Hamilton doesn't miss a beat after 10 games

Hamilton doesn't miss a beat after 10 games
January 3, 2014, 6:00 pm
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Dougie Hamilton has been out since sustaining a "mild concussion" Jan. 11 vs. San Jose.

(USA Today Sports Images)

WILMINGTON – There’s been plenty of well-deserved attaboys for Bruins strength and conditioning coach John Whitesides and the rest of the training staff over the last few days given Dougie Hamilton’s strong performance in his return from a lower body injury.

The 20-year-old had missed nearly a month of action and 10 games with an injury suffered in the Dec. 8 win over the Maple Leafs. It was the first significant injury of Hamilton’s NHL career, and the longest he’d ever been out of the lineup due to an injury.

So rust probably could have – and probably should have – been there in large amounts, but instead Hamilton finished with a solid winning performance in nearly 18 minutes of ice time.

“I didn’t know what to expect when I came back,” admitted Hamilton. “But all of the skating and bike rides I did with [Whitesides] and the other guys that were injured really paid off in the end.

“The time spent on the couch just icing down all the time really just wants to make you play again. When you get away from it, it makes you realize how much you miss it.”

The 6-foot-5 defenseman skated with Zdeno Chara as the top defensemen pair, and made the first pass out of the defensive zone to set up Brad Marchand’s game-winning goal in overtime. Instead of perhaps running out of gas in OT in his first game back, Hamilton still had the mental and physical reserves to spark a winning play.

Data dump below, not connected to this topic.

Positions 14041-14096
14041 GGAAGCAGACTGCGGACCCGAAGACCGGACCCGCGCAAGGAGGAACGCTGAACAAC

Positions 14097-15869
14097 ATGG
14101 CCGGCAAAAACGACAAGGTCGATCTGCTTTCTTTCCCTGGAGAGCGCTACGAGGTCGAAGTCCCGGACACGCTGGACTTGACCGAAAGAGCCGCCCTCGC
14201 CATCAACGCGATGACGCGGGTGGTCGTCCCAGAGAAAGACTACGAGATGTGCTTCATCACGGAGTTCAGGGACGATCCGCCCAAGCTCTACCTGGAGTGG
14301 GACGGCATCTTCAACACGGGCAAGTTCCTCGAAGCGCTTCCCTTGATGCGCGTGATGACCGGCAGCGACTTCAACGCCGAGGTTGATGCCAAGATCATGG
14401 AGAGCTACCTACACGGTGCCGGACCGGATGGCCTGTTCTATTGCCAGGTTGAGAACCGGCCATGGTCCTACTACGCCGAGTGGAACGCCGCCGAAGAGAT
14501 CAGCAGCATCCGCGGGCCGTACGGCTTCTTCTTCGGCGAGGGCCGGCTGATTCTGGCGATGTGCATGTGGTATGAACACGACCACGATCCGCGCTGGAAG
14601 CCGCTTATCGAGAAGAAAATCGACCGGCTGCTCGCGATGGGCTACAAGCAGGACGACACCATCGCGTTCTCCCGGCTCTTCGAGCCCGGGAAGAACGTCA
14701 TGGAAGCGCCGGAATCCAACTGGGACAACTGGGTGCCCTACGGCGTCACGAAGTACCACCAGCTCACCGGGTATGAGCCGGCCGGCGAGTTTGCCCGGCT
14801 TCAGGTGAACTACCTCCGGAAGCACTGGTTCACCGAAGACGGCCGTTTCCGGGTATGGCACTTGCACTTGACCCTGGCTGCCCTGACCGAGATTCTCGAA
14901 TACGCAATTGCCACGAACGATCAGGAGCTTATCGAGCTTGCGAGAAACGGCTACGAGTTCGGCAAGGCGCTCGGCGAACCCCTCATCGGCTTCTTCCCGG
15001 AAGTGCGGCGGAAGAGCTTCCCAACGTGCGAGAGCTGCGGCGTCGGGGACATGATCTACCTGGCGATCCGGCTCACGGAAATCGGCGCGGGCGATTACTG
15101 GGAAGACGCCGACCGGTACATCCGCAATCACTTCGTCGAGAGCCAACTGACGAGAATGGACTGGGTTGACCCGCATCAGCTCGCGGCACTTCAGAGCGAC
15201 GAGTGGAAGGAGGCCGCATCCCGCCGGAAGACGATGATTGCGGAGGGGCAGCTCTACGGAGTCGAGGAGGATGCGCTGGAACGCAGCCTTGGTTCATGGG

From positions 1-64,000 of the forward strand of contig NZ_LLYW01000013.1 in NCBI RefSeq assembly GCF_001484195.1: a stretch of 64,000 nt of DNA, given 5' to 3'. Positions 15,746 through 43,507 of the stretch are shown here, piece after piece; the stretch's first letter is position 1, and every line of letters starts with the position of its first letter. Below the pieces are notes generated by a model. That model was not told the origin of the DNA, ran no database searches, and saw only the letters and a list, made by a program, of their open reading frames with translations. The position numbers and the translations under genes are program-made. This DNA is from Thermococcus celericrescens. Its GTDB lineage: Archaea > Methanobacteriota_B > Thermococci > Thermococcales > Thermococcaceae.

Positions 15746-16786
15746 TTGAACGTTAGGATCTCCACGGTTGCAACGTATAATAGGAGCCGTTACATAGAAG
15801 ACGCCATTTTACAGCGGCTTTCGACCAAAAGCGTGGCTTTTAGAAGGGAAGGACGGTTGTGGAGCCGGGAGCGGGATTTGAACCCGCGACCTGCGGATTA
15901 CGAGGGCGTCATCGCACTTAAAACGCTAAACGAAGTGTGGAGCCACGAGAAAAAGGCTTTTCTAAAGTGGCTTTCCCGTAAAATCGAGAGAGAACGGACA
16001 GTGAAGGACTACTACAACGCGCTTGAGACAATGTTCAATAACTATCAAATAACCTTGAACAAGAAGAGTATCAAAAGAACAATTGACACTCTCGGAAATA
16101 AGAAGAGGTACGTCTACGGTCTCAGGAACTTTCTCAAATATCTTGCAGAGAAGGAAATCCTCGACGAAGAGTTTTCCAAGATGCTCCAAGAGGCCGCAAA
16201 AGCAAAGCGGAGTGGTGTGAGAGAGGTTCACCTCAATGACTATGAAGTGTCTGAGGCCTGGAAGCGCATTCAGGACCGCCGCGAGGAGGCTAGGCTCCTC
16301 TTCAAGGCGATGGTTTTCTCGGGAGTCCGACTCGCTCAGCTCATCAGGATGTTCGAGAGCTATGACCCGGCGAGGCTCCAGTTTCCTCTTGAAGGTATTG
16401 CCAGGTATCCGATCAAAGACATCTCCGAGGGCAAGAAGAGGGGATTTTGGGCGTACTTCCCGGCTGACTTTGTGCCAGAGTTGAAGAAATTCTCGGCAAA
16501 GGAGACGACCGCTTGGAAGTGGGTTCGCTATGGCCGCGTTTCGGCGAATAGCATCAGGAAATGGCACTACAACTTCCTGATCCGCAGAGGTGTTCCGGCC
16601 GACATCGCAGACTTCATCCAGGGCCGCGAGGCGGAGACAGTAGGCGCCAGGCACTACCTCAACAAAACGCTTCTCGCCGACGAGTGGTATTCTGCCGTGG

Claude Julien said it was the work of Hamilton with the B’s training staff that kept his mind and his game in place.

“I just talked to him after practice, and he agreed with me. The way he was pushed by the training staff when he was out of the lineup helped him in coming back,” said Julien. “We push guys hard as you can see with the extra guys. Those things can seem like punishment, but they’re not. It’s in order to give those guys the best possible chance to come back, and jump right back into things.

“That’s what we did with Dougie. He was pushed hard on and off the ice in his rehab, and it didn’t seem like he’d even missed a game. He was a strong skater, and he was right in there. You credit the guys that work him hard on the ice, and that’s [Whitesides] and the assistant coaches during that time when he was working his way back.”

That’s a lesson to all those players that dread the strenuous “Bag Skates with Whitey” as they’ve become known when a player is coming back from injury, or simply not in the lineup as a healthy scratch.

It might not be fun, but it’s good for you as a player.